Meanwhile, Torbjorn Tornqvist, co-founder and chair of Geneva-headquartered Gunvor Group said that “Europe is short of diesel” but added that “Diesel is not just a European problem; this is a global problem. It really is.”

Tornqvist also warned that European gas markets were no longer functioning properly as traders faced huge demands from banks for cash to cover hedging positions. “I think it’s broken. It really is,” he said. “I never thought that somebody could say ‘ah, gas has fallen below 100 per megawatt hours is really cheap’.”

Finally, the CEO of Trafigura Jeremy Weir, which has recently fielded billions in margin calls and has warned that commodity trading houses risk imploding absent a central bank bailout, put the final nail in the coffin warning that “the diesel market is extremely tight. It’s going to get tighter and will probably lead into stock outs” referring to when fuel stations run dry.

…click on the above link to read the rest of the article…

This War Marks the End of Cheap Resources

Image credit: Miguel Bruna via Unsplash

“All truth passes through three stages. First, it is ridiculed. Second, it is violently opposed. Third, it is accepted as being self-evident.”

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Loss of Russian Oil Leaves a Void Not Easily Filled, Straining Market

Global production will take time to ramp up, so the U.S. and other buyers will chase limited supplies, creating upheaval unseen in decades.

A Rosneft refinery. Russia is the world’s No. 3 oil producer, after the United States and Saudi Arabia.

A Rosneft refinery. Russia is the world’s No. 3 oil producer, after the United States and Saudi Arabia.
Credit…Andrey Rudakov/Bloomberg

HOUSTON — Before its forces invaded Ukraine, Russia provided one out of every 10 barrels of oil the world consumed. But as the United States and other customers shun Russian crude, the global oil market faces its greatest upheaval since the Middle East tumult of the 1970s.

An energy price shock will probably last as long as the confrontation goes on, since there are few alternatives to quickly replace Russia’s exports of roughly five million barrels a day.

Oil prices were already rising fast as the world economy emerged from Covid-19 shutdowns and producers stretched to meet growing demand. International oil companies had cut back investment over the last two years.

Now traders are bidding up crude prices to levels not seen in years, expecting that Russia — one of the top three oil producers, along with the United States and Saudi Arabia — will be sidelined. With the announcement of the American embargo on Tuesday, prices will probably climb higher, energy analysts say.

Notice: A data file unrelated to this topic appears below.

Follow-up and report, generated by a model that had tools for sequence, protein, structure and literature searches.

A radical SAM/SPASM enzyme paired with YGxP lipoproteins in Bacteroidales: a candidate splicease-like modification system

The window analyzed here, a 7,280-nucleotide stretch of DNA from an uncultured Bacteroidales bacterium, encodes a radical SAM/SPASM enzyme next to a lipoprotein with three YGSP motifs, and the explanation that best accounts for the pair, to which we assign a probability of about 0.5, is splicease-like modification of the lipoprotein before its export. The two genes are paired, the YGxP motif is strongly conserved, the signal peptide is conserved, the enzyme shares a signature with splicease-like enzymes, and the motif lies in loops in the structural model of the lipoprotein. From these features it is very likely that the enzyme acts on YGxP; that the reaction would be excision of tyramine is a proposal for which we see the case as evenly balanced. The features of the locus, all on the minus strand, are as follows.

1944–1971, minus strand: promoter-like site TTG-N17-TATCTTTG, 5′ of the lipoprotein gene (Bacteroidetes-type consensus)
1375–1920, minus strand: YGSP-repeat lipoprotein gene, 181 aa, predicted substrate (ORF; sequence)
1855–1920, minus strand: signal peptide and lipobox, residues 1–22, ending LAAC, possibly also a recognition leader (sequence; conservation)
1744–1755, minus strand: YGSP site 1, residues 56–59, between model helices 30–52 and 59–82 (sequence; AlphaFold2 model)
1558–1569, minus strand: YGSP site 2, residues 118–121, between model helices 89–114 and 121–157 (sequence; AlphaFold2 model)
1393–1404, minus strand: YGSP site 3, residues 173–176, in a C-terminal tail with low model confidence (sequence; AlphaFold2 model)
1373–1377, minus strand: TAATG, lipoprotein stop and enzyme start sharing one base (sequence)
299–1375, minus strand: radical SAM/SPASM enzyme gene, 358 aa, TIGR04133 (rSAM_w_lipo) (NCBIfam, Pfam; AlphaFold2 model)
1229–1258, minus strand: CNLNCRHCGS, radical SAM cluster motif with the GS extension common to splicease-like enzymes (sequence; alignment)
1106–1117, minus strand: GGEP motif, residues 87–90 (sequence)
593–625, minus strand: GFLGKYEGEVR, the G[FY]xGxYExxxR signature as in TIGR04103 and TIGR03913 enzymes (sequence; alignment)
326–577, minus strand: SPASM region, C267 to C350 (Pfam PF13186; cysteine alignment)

“We are catastrophically tightening,” said Robert McNally, a former energy adviser to President George W. Bush. “What we need right now is countries producing more oil.”

That will not be easy. Only Saudi Arabia, the United Arab Emirates and Kuwait have spare capacity, together a little more than 2.5 million barrels a day. Venezuela and Iran could contribute about 1.5 million barrels a day to the market, but that would require lifting American sanctions against those countries…

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Matt Simmons on Peak Oil

Matt Simmons on Peak Oil

“The System Is Broken”: Boots-on-the-Ground View by a US Manufacturer on the Supply Chain Chaos

“The System Is Broken”: Boots-on-the-Ground View by a US Manufacturer on the Supply Chain Chaos

“We are simply limited to what our suppliers tell us we can have. It really isn’t supposed to work this way!”

For what seems like a long time now, Wolf Street has been discussing the apparently never-ending shortages that US manufacturers, construction companies, retailers, and other businesses have been struggling with. So here are the boots-on-the-ground observations by an Ohio-based manufacturer, with operations in other states, about the global supply-chain chaos. Todd Miller is the president of Isaiah Industries, which manufactures metal roofing shingles for residences and commercial buildings and sells them under several brands, such as Classic Metal Roofing Systems, in North America, Japan, and the Caribbean. He shared his observations with Wolf Street:

By Todd Miller, president of Isaiah Industries:

Over the years, we have seen some situations where metal supply was tight and caused some disruption for us and our customers. However, we’ve never seen anything like we’re experiencing now as it goes beyond just metal supply to also include the specialty coatings we use.

Supply shortages started in 2020 with Covid-related closures at the leading metal mills where we buy steel, aluminum, and copper. Once the consumer demand for virtually everything under the sun started to accelerate wildly in the latter part of 2020, mills were caught with shortages, and significant delays and backlogs developed – a situation that has yet to be rectified.

Generally, consumers are understanding of the price increases. But now delays and shortages threaten our ability to meet consumer needs. We currently are running about a 60-day backlog on orders, the bulk of which we are waiting for raw materials to arrive. Historically, our backlog was a couple of weeks at the most.